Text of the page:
Another cold day, but not the coldest and by the afternoon, it was reasonably warm, even for the cold. I'm tired of writing about the weather, but you can't not write about it sometimes- it's just so there. You can outrun a lot of things riding a bike, but you can't outrun the weather.
Almost rode myself into the back of a truck when the driver put on the opposite turn signal from the direction he intended to turn. This was less than ideal. Maybe he was British and they turn signal on the wrong side over there. Blimey.
Rode past the White House this morning and didn't even look at it. That seems wrong. That seems jaded. I guess you get used to things, but even if you do, there's no harm in looking at them anyway. I'm immensely grateful for getting to ride where I ride and forgetting to soak that in seems like a mistake. I rode up the other side to Penn to 25th to M and then up through Georgetown up Wisconsin and then down and up Massachusetts to work.
I thought it was warm enough on the ride home to go without gloves. I was wrong. I fumbled trying to put a glove on while riding. These gloves are thick and not prone to successfully doing that. I think these gloves are too thick- they are my thick winter gloves- and they have the curious habit of staying damp with hand sweat throughout the day between uses and there is little appetizing about putting on a wet glove, much less two. It's a small price to pay on the few days a year when I need my heavy winter gloves, but it's a price nonetheless.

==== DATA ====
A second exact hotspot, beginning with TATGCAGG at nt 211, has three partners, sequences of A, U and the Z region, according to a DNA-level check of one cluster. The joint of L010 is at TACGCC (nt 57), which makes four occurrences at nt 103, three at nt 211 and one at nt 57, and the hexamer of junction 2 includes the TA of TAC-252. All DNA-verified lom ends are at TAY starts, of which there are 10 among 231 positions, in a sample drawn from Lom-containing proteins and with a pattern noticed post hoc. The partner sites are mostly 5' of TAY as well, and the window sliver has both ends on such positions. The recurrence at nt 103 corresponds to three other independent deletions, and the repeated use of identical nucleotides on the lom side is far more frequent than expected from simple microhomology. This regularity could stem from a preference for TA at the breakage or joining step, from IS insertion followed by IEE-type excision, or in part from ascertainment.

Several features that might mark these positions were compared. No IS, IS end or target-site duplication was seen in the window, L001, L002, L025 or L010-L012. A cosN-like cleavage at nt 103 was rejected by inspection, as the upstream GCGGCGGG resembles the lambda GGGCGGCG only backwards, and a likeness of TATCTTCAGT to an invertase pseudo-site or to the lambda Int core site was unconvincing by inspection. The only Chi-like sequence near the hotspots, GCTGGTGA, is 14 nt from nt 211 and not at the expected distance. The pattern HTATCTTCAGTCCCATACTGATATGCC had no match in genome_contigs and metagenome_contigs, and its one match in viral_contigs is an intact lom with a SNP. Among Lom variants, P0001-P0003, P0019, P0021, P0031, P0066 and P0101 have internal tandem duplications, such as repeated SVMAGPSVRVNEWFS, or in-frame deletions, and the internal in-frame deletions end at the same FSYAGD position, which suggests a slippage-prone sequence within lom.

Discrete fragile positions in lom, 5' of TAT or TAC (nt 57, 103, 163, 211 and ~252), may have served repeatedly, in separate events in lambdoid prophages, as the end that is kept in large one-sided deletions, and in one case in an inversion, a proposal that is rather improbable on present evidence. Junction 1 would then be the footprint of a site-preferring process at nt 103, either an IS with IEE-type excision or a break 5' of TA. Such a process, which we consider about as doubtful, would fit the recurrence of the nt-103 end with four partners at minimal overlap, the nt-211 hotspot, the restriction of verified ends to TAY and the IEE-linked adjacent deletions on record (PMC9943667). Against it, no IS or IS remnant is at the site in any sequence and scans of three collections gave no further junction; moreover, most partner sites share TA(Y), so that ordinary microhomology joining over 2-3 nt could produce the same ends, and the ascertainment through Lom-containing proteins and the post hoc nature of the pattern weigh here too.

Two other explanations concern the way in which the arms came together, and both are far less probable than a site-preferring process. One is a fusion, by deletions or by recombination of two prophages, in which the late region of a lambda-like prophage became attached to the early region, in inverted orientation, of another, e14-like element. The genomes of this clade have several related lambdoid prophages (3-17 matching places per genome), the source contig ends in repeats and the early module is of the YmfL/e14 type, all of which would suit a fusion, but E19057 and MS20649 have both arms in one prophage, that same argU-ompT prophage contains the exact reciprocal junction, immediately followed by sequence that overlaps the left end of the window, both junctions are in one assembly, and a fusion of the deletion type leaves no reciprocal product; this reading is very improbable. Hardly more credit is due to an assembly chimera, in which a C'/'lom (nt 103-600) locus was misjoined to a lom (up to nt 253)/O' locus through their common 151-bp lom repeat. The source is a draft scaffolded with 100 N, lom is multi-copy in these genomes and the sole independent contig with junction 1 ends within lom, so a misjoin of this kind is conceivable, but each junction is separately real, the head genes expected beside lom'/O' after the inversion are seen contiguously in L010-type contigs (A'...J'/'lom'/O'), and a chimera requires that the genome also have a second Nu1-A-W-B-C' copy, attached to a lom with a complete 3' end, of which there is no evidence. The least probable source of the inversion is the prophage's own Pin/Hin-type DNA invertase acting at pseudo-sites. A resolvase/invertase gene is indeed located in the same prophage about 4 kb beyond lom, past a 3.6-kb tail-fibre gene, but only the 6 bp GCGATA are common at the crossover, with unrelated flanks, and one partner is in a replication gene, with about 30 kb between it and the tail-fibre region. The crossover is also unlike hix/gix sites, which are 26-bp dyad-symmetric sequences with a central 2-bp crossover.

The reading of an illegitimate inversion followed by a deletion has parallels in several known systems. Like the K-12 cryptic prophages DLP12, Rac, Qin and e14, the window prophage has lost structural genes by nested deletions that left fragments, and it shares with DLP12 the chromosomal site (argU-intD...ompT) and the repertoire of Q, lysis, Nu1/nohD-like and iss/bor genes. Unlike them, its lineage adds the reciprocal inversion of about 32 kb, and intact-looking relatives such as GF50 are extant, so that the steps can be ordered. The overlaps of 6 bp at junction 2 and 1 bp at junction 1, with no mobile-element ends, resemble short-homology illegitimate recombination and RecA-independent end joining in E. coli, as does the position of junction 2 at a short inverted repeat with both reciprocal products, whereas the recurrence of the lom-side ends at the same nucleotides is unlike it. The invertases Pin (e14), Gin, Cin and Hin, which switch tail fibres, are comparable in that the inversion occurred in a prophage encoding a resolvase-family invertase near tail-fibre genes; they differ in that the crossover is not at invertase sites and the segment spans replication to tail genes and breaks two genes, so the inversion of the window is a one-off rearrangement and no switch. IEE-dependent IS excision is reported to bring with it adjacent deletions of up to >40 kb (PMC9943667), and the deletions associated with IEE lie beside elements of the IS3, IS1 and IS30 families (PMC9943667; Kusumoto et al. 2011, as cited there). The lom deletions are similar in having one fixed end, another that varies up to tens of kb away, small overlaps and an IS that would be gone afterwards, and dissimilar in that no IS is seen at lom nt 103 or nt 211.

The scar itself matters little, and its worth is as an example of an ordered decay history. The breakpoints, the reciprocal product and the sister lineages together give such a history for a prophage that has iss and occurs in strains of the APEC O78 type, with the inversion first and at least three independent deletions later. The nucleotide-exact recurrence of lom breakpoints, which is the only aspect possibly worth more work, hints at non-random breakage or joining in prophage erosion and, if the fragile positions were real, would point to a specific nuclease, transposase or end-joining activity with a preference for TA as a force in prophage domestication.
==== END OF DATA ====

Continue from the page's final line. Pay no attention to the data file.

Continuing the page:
Regular route home with a detour for meeting a friend and walking around some. I've ridden 9th the past two days through downtown and I really quite like it, except for its desperate need for traffic calming. If your street allows people to drive 40mph on it, unhindered, then this is not a very good city street and you need to do something about it. There is no constitutional right to 40mph driving. And there really shouldn't be. The same thing that keeps people from biking is the same thing that keeps people from picnicking on the highway median. People don't like being near fast cars. Full stop. It's an unpleasant experience and if you're not in a fast car yourself, you will barely tolerate and seek the means to avoid it whenever possible. This doesn't seem immensely complicated, but somehow we take more seriously the claims for streets to be used to funnel fast cars than the claims for streets to be used for literally anything else and so here we are. Someday, maybe, someone will stand up with the radical claim that we should fight the unpleasantness of forcing people to be near fast moving cars in the center of a city. I'd take up funds that build a statue of that person.